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Opinion piece: IRP 2023 could reset South Africa’s social and economic woes if implemented correctly

ACTOM recently held a webinar on the “Draft IRP2023 Impact on the Manufacturing Sector”, with the following panellists (Mervyn Naidoo, Group CEO ACTOM, Phillipa Rodseth – Executive Director, Manufacturing Circle and Gaylor Montmasson-Clair – Senior Economist, SAREM Facilitator and facilitated by Professor Pat Naidoo. South Africa’s Draft Integrated Resource Plan (IRP) 2023 is a key document that outlines a comprehensive strategy for addressing the country’s energy security challenges, while also setting out its transition to a diversified energy mix, including renewables.

Released in January this year, the Draft IRP 2023 has faced criticism from some quarters for having gaps in its roadmap to shaping a sustainable energy future, but it also has several strengths and can potentially unlock various benefits for the country and specifically the manufacturing sector.

The Draft IRP 2023 comes at a time when South Africa is facing significant social and energy challenges, with an unemployment rate of close to 33% and continuous load shedding which is having a catastrophic impact on the economy. This poses the risk of affecting the quality of the products produced by manufacturers and affects their ability to produce the required volumes.

Additionally, the delays in investment in previous renewable energy projects have resulted in a general decline in the manufacturing sector, with many large companies being forced to close some of their plants. Manufacturers require predictable demand to be able to load and sustain their factories or they will face risks that could threaten their businesses. These delays have also resulted in major lost opportunities for capacity increase in the sector, with many companies being forced to hold back on capex programmes and expansion.Low levels of manufacturing activityThe loss of jobs and retention of scarce skills has been felt by the manufacturing sector, due to the low levels of activity in manufacturing during the past 10 years, with many companies having to scale down and even close because of a lack of loading.

The IRP 2023 talks to very modest projections for renewable energy projects coming onstream and introduces gas-to-power to the energy mix, with coal remaining a significant energy source alongside hydro, storage, and hydrogen projects. However, the plan does bring the potential to create investment opportunities, foster local skills development, generate job opportunities, and establish valuable partnerships within the manufacturing sector.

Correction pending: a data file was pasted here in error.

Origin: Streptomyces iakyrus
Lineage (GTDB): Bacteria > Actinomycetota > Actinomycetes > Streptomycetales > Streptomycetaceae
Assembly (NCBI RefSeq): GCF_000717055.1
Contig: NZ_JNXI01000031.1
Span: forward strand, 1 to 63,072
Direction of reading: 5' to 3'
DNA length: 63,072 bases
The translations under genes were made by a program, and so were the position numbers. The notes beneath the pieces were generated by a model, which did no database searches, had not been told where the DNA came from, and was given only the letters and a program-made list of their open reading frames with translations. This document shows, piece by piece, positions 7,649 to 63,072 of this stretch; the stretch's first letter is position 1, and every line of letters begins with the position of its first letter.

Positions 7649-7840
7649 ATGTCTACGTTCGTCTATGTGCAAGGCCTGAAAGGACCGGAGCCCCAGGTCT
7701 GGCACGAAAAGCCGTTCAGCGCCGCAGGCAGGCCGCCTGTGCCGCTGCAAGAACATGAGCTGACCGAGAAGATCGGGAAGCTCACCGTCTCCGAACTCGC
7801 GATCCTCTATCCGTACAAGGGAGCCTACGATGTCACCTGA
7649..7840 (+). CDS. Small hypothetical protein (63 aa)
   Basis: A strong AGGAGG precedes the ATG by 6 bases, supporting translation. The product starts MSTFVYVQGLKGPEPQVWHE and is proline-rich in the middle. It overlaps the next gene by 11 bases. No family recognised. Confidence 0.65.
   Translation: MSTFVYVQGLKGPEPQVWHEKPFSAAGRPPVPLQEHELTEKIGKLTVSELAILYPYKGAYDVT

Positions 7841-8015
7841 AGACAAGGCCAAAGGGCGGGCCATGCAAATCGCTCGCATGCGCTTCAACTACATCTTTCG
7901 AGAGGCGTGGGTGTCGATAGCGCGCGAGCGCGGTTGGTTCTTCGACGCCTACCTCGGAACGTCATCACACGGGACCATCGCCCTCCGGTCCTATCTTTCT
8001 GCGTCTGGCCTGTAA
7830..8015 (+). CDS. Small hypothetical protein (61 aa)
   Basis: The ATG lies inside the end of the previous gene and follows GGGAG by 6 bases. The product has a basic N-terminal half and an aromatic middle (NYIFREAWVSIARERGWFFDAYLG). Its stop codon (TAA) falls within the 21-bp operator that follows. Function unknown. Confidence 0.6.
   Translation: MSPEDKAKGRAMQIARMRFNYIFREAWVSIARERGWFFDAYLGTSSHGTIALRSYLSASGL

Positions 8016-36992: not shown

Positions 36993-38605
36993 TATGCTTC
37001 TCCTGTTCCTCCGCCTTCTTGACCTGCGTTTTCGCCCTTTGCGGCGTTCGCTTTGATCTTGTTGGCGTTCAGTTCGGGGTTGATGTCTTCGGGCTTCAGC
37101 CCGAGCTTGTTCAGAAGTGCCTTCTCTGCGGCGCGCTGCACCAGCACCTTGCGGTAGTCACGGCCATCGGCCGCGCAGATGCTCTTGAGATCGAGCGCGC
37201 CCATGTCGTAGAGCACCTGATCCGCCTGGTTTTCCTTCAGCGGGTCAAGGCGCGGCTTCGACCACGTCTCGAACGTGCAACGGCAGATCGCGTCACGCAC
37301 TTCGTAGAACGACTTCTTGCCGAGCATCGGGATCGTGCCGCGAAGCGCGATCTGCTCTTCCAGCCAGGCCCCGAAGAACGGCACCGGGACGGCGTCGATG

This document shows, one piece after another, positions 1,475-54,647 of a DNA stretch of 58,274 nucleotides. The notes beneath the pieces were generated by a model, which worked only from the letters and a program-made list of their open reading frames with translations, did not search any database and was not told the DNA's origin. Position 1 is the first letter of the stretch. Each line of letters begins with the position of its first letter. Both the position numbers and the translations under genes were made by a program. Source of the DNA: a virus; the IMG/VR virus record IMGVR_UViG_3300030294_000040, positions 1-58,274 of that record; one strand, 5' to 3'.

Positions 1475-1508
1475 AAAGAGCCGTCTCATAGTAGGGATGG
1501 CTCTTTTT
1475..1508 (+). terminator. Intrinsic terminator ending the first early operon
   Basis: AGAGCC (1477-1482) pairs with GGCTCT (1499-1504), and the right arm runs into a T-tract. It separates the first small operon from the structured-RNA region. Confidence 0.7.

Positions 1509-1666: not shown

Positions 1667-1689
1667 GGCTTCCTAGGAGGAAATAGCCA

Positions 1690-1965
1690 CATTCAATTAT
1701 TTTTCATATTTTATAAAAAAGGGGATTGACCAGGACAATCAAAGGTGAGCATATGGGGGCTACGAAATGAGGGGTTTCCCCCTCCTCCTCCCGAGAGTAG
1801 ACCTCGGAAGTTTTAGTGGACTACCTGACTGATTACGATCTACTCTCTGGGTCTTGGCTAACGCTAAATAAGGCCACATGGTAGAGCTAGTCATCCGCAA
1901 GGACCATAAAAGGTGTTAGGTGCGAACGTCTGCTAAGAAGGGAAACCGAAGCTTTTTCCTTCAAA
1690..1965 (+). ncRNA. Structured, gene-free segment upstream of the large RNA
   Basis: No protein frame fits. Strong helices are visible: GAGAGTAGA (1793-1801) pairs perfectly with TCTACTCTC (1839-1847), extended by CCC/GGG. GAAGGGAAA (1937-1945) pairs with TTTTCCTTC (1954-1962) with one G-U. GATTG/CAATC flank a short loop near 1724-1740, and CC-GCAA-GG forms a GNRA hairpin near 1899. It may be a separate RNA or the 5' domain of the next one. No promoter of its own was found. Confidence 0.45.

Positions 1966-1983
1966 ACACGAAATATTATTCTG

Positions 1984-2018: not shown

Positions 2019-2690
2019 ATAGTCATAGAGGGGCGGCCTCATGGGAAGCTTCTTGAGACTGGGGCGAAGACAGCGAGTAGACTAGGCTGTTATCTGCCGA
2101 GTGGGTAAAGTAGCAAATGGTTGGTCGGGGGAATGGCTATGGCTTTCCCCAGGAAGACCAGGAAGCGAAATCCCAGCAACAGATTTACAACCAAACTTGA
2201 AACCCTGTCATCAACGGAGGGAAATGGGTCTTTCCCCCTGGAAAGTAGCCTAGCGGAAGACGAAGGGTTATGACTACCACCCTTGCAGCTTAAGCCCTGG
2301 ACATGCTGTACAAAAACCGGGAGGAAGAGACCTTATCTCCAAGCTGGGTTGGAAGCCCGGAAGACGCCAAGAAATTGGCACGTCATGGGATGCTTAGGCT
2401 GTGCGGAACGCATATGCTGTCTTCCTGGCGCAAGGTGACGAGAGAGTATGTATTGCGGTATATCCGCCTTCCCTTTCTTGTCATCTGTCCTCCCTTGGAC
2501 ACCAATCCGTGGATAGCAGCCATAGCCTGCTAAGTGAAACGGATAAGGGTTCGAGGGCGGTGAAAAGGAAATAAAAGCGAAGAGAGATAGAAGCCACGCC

Considering that there has been a stop-start approach to the government’s Renewable Independent Power Producer Programme (REIPPP) in the past, certain key factors must be considered with the implementation of the IRP 2023.

Firstly, there must be discipline and decisiveness in the implementation of the programme as previously there was planning by ultimately a lack or delay in the execution. Going forward, we really need to change that.

Secondly, the scale of the investment that will be required must aggressively be targeted towards maximising localisation and the reindustrialisation of South Africa. At the same time, a strategic medium- to long-term procurement framework will be required where manufacturers look at things from an “SA Inc” perspective.

Strategic procurement modelsGoing forward, it will be critical for the manufacturing sector to use the demand it does have and leverage it to move towards strategic procurement models to maximise the saturation of the capacity in local factories. This is not only needed for the sake of the country but also to make business cases bankable for investment to grow manufacturing.

Similarly, South Africa’s Integrated Development Plan (IDP) and Transmission Development Plan (TDP) both have major potential to turn around the country’s jobs and economic woes. The TDP has identified the need to build over 14 000km of transmission line and associated substations, as well as the need to build renewable energy projects. This has the potential to turn the tide for the manufacturing sector.

However, we must ensure that we learn lessons from the mistakes of the past, specifically from the Transnet 1064 locomotive programme, which saw a lack of investment in local manufacturing and about half the locomotives acquired were not localised. This means that we not only lost the opportunity to build capacity for local manufacturing but also lost the aftermarket support for that locomotive fleet and this has manifested in the logistics challenges that we see in South Africa today.

This is relevant for the implementation of the IRP 2023 because we need to ensure that we do not end up with mass imports to the detriment of the local manufacturing sector and to the detriment of our ability to support the aftermarket repairs and services of these products.

Ultimately, we need continuous engagement between industry and key stakeholders for the benefit of our country. We must adopt an SA Inc perspective on what we are about to embark on in terms of the IRP 2023, the IDP and the TDP. We are effectively looking at energy transmission and generation demand that could map out a sustainable manufacturing industry for the next 10 to 30 years. We must get this right.